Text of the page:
Citizen Sleeper 2: Starward Vector Preview – On The Run, Again

Citizen Sleeper took me by surprise in 2022, giving me a rare new video game experience, both mechanically and narratively, and my dice-centric role-playing adventure has stuck with me since. I still think about my Sleeper and what they’re up to now. In a year where Elden Ring didn’t release, it would have been my game of the year with a bullet – read my Citizen Sleeper review here to find out why. Now, a little more than two years later, I’ve played parts of the opening hour of Citizen Sleeper 2: Starward Vector and find myself desperate to play more. It brings back its incredible sci-fi score, cyberpunk (yet distinct) visual style, and thought-provoking and stress-inducing writing. It infuses everything I love about the first Citizen Sleeper with new mechanics that fuel the game’s central decision-making processes. 

Like the first game, I assign my Sleeper one of three classes. I go with the Operator, which the game describes as physically fragile but great at working in interfaces and computer systems. Immediately, I notice the selected class plays a more significant role in how your experience will play out because the Operator lacks access to an entire skill. This means I’m automatically at a disadvantage with any action requiring said skill. However, I have access to the Reboot skill that allows me to reset my system, which mechanically means I gain a dice reroll. It’s a risky skill, as I could roll an even lower number, putting whatever action is at hand further into jeopardy. I could also roll a significantly better number, too, though. 

The story picks up after my Sleeper has been helped by their friend Serafin. I’ve recently rebooted my entire system, ending my dependence on the Stabilizer drug that plays a major role in Citizen Sleeper and the gang leader Laine, who supplies it to me. It’s these types of touchstones to the first game players will find in the sequel, which is its own standalone story. However, the reboot was just a partial success. Sure, I no longer need Stabilizer, but my artificial body is malfunctioning. Serafin and I flee on a ship called the Rig, which we steal from Laine and take to Hexport. 

Laine, unhappy with everything we’ve done, is after us by way of gang members, bounties, and more. He’s someone my Sleeper once saw as a protector, a savior even, but now, they know him as “a pursuer, a tormentor, a nightmare.” I can’t help but notice the setup for Citizen Sleeper 2 is nearly identical to the first game – a Sleeper whose body is fighting against them is on the run from someone bigger than them. Gareth Damian Martin, the sole developer at one-person studio Jump Over The Age (though Martin has some help in developing Citizen Sleeper 2), says that’s intentional.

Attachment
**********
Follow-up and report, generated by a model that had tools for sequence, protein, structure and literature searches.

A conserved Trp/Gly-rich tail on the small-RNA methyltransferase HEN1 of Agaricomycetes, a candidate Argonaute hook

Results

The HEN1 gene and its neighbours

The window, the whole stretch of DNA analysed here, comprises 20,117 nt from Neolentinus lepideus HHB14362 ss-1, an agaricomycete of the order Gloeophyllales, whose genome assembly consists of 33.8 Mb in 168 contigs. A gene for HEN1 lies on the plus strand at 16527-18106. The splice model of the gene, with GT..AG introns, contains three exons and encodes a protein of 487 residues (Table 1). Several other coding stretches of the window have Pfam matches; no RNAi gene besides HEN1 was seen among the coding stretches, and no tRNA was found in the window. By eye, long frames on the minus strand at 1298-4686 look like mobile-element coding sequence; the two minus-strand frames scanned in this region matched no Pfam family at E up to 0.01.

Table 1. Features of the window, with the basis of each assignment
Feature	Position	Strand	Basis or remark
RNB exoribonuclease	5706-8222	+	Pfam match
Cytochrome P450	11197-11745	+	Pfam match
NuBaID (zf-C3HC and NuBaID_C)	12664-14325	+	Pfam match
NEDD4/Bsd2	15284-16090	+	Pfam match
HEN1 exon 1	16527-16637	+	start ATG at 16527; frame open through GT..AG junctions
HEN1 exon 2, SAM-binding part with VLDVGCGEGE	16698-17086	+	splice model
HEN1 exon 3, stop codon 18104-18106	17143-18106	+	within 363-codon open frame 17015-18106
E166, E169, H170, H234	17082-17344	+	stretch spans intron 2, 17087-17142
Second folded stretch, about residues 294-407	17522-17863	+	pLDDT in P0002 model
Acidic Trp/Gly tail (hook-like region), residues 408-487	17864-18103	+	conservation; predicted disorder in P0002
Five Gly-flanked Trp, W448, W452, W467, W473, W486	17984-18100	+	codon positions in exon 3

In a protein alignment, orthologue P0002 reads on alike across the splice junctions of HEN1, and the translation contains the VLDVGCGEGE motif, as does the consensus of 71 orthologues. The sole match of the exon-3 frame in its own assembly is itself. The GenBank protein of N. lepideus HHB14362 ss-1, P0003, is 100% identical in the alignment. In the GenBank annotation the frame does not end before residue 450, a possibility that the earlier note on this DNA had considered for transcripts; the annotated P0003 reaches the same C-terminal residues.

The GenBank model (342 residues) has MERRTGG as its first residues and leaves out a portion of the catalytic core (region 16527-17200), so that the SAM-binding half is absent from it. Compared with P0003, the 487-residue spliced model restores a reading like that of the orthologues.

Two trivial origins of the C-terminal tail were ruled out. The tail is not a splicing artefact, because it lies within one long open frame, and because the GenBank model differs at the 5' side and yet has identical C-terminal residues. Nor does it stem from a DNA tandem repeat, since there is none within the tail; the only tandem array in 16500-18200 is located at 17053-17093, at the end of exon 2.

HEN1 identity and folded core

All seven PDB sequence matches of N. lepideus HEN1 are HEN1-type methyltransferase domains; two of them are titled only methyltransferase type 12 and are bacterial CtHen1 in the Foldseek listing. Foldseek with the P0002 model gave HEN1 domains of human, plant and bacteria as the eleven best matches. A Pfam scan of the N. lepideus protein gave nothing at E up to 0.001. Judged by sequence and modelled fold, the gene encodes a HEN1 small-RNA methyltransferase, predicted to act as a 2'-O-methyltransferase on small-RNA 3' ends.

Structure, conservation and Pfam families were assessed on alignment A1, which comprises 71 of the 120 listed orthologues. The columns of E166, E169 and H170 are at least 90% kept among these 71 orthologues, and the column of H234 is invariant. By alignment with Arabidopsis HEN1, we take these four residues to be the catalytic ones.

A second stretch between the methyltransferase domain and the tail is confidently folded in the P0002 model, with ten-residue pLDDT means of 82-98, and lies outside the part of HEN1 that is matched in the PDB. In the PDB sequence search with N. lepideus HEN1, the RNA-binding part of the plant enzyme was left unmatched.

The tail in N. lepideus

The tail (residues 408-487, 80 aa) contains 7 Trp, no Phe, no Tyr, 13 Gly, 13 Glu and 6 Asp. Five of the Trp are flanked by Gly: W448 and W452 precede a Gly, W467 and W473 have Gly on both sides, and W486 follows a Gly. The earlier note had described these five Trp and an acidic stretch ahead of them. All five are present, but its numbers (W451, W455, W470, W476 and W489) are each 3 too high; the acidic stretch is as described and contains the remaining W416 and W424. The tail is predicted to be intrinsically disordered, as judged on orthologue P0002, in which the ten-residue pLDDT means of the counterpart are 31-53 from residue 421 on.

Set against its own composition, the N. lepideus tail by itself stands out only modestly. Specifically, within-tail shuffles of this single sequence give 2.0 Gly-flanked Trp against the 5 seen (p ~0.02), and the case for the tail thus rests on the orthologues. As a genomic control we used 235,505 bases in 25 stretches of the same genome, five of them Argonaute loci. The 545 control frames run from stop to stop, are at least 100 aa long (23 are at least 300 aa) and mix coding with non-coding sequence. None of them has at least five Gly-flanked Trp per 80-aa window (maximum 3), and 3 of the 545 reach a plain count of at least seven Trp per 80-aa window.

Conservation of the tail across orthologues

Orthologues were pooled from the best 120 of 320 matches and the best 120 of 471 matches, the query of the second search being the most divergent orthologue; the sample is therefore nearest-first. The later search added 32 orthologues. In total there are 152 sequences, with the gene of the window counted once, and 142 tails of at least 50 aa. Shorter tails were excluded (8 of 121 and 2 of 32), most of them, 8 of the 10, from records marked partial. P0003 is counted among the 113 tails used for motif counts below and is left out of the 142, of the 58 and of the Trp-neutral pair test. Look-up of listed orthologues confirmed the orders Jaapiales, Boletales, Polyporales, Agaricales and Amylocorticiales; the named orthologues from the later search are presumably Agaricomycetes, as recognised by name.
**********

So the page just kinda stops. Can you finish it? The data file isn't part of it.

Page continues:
“I’m a big fan of noir storytelling,” Martin tells me. “I guess it’s a bit of old-fashioned storytelling, but I like the idea about an ordinary person who’s getting sucked into extraordinary circumstances trying to improvise their way through it.”

They say they wanted to change it up a bit for the sequel – instead of running from a corporate conglomerate, you’re running from a singular person and his gang of underlings. Martin says they feel the result is a story that’s a “bit more intimate and intimidating, and in a way, weirdly scarier because it feels a little more dangerous.” 


After selecting my Sleeper, I’m thrown right into the dice action that returns from the first game. Serafin is going to check on something, so they task me with going to the Hexport Docks to pick up some small gigs. I put a 5-dice (the higher the number, the more likely the action I assign the dice to ends up with a positive outcome versus a neutral or costly negative one) on a “Chat to Crews” function here to get some tips on potential crew recruits and contacts. However, despite the high positive chance with a 5-dice, I get a neutral outcome and only get material. From here, I explore the area more and eventually unveil a new location after completing enough actions at a different spot. It’s “The Bends,” and I can gamble some Cryo (currency) in the Star and Stoker game or buy some fries to restore my energy. 

You lose one segment from your energy bar for each cycle or day of action (largely determined by your running out of dice). If this bar is empty, you starve and gain one stress bar per cycle. It’s here I learn Martin has taken a recurring feeling from the first game – the stress one experiences while playing and its effect on your decision-making – and turned it into an actual in-game mechanic aptly named stress. This dictates how much damage your dice will take when rolled. Damage a dice three times, and it breaks until it’s fixed. 

Stress joins another new mechanic called Glitch, which I don’t experience in my hands-on demo but witness in a hands-off preview played by Martin. If you roll your dice while you have some Glitch, which, like Stress, is represented in the U.I., you can roll Glitch dice. These have an 80% chance for a negative outcome but a 20% chance for the best possible outcome, once more playing into the risk-and-reward feel permeating the game. You gain Glitch based on how you repair or heal your body – scrap parts might yield more Glitch, whereas more premium resources yield little to none. Together, these mechanics add an exciting but stressful new layer to each decision you make with dice.